I could see by that uncertain glimmer how fair was all, but not how sad and old; and so, unhaunted by any pang for the decay that afterwards saddened me amid the forlorn beauty of Venice, I glided on. I have no doubt it was a proper time to think all the fantastic things in the world, and I thought them; but they passed vaguely through my mind, without at all interrupting the sensations of sight and sound. Indeed, the past and present mixed, there, and the moral and material were blent in the sentiment of utter novelty and surprise. The quick boat slid through old troubles of mine […] Dark, funeral barges like my own had flitted by […] One could not resist a vague feeling of anxiety, in these strait and solitary passages, which was part of the strange enjoyment of the time, and which was referable to the novelty, the hush, the darkness, and the piratical appearance and unaccountable pauses of the gondoliers […] To move on was relief; to pause was regret for past transgressions mingled with good resolutions for the future […] (Howells 1866: 21-23)

The psychological dramatization of the scene and its partly gothic imagery – recalling depictions by Byron and others – are significant. A conventionalized literary motif, the ride in the gondola becomes a journey into the unconscious. Imagination is stirred but the inner fantasies are faint. The connotations of the subject cannot compare to the overwhelming visual and aural stimuli. Here Venice marks an intersection between history and contemporary life. The boat-trip on the dense network of canals becomes a journey into one's own past. Signs of individual mortality create anxiety, and the gondoliers appear as mythological ferrymen, even pirates, robbing the traveler of his soul and body.

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The only solution to escape anxiety would be the recreation of the distant observer position. Ease can only be achieved by moving on, by simply scanning the surroundings without affecting them or being affected by them. The scene displays several mediated images, some of them reminiscent of common motives connected with the city, others springing from imagination. Accordingly, "the anxiety of visual experience" that Eric Savoy detects in the subverted gaze, concerns both the stimuli of the city and the fancied mental images the traveler is confronted with in the foreign area.18

Two paragraphs down Howells persona is stabilized again and expresses his familiarity with and expertise of the object. He claims to have "felt curiously at home in Venice from the first," (Howells 1866: 24)and to have gained quick access to the language. Language acquisition and the curiously homely feeling serve Howells to transform his persona into a "citizen of that Venice from which I shall never be exiled." (24) The glorifying tone of this passage not only conflicts with the biographical data19, but also marks the extreme opposite to the melancholic darkness dramatized in the failed rite of passage above. The urgency to establish a linkage with the foreign city, to even incorporate the terrain, is subverted in the next textual move. Recalling his first strolls through the city, Howells designates "a peculiar charm which knowledge of locality has since taken away." (24)

The anxiety of the foreign meets the vision of citizenship and local knowledge that, in turn, sheds the traveler away from actual experience. The paradoxical dilemma of the realist traveler couldn't be better expressed: First, the other is known only by mediations, its 'nature' is not graspable and, therefore, the other creates anxiety (even by forcing the traveler to deal with his own preconceptions). Second, the contrastive reclamation of membership among the 'natives' founded in the comparatively long duration of the stay creates the illusion of access. The insider-knowledge, however, would produce even more mediations and disclose the observer from a supposedly unmediated perception, from the actual, commonplace experience whose immediate representation marks the aesthetic ideal of the realist movement.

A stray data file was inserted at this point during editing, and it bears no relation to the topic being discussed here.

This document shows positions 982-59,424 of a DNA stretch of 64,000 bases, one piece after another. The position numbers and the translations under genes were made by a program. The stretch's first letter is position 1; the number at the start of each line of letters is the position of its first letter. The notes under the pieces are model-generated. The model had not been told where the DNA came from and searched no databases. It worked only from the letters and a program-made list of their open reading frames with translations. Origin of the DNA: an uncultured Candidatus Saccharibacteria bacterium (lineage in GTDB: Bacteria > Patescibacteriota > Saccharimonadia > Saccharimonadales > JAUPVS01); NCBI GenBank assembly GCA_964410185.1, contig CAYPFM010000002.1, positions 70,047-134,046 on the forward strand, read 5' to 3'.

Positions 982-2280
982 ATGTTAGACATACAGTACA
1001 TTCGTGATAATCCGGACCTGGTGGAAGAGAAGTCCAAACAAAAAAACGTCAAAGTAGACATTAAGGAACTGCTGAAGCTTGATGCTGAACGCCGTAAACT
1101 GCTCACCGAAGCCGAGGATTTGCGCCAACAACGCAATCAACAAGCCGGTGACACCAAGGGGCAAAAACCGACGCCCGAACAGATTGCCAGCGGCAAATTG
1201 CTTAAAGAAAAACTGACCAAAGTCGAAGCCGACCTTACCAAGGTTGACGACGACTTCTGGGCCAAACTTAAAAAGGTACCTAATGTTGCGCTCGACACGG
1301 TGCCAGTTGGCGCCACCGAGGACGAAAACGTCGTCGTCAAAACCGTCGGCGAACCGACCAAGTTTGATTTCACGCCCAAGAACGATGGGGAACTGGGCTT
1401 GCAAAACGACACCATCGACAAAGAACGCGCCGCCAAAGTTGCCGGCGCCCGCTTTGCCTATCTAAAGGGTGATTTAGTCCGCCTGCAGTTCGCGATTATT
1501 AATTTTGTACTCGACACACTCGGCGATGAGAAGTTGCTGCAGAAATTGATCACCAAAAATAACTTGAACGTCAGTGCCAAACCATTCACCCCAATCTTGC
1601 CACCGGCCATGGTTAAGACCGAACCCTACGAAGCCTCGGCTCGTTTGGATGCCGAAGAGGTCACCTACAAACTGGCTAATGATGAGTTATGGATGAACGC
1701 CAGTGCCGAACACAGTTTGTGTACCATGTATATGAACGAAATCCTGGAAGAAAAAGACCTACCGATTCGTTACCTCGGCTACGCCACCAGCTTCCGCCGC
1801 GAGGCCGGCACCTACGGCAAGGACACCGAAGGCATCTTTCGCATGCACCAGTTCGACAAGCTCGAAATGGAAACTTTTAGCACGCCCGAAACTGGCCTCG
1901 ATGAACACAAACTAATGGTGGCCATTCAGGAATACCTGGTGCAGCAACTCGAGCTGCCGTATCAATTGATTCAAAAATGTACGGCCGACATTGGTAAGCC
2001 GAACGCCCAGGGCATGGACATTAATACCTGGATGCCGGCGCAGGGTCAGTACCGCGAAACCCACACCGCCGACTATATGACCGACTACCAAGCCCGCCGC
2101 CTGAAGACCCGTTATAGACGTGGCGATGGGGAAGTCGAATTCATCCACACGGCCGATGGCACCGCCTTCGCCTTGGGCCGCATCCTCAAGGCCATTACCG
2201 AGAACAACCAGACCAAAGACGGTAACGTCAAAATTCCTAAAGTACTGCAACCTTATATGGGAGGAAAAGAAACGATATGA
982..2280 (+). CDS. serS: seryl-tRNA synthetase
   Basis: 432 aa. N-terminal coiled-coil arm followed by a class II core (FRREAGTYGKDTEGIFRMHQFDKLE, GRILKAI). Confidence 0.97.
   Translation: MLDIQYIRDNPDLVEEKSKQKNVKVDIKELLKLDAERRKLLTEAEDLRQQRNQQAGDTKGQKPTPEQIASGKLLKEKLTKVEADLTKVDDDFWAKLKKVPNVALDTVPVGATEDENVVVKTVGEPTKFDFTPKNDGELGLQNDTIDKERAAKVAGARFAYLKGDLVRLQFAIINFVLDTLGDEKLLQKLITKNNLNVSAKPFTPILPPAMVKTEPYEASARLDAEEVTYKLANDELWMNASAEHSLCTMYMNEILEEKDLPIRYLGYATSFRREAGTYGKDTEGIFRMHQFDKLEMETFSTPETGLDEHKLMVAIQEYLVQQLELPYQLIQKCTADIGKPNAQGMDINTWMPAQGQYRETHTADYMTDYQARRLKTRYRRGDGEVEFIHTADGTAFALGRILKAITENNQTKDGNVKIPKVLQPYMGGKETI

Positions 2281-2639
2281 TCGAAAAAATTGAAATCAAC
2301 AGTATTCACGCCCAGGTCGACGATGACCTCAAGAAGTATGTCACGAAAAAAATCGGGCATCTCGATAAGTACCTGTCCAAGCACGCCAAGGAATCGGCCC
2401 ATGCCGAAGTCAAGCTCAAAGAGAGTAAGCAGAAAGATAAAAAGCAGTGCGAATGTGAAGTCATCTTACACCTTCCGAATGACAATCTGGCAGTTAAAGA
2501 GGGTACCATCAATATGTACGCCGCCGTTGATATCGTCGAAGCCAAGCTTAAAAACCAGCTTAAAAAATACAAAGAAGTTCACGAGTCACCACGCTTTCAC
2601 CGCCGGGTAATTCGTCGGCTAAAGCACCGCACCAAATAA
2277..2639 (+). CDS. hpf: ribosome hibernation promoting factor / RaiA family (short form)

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5 Intermedial Flânerie, Art Criticism, and Economic Heritage

Howells was aware it might be necessary for him that he ceases "to be merely a spectator of this idleness" (Howells 1866: 29) and literally leaves his stage-box in order to develop another mode of literary expression. In his search for actual experience he chooses to collect impressions, 'off the beaten track,' to use James Buzard's phrase. In the sketch "A Daybreak Ramble," Howells stages himself as a traveler-flâneur conquering the terrain early in the morning. The strategy is to avoid contact with other foreigners and thus escape contamination with pre-figured views and automatic routes. On the other hand, Howells accentuates that the process of transcription takes its time. One should not, as "scribbling people" (130) tend to do, write down the impressions immediately after a stroll. On the contrary, a truthful description, he maintains, can only be achieved by a controlled, thoughtful writing in retrospect. Of course, Howells once more implicitly criticizes former accounts and claims his position to be superior because of his long stay that allowed him to detect the hidden sides of Venice. Yet a central paradox becomes no less obvious: the notion of a distinctive mode of expression that should produce immediacy is coupled with the process of distancing oneself from immediate impressions. It is precisely through mediation and reflection that actuality and immediacy in representation are to be achieved.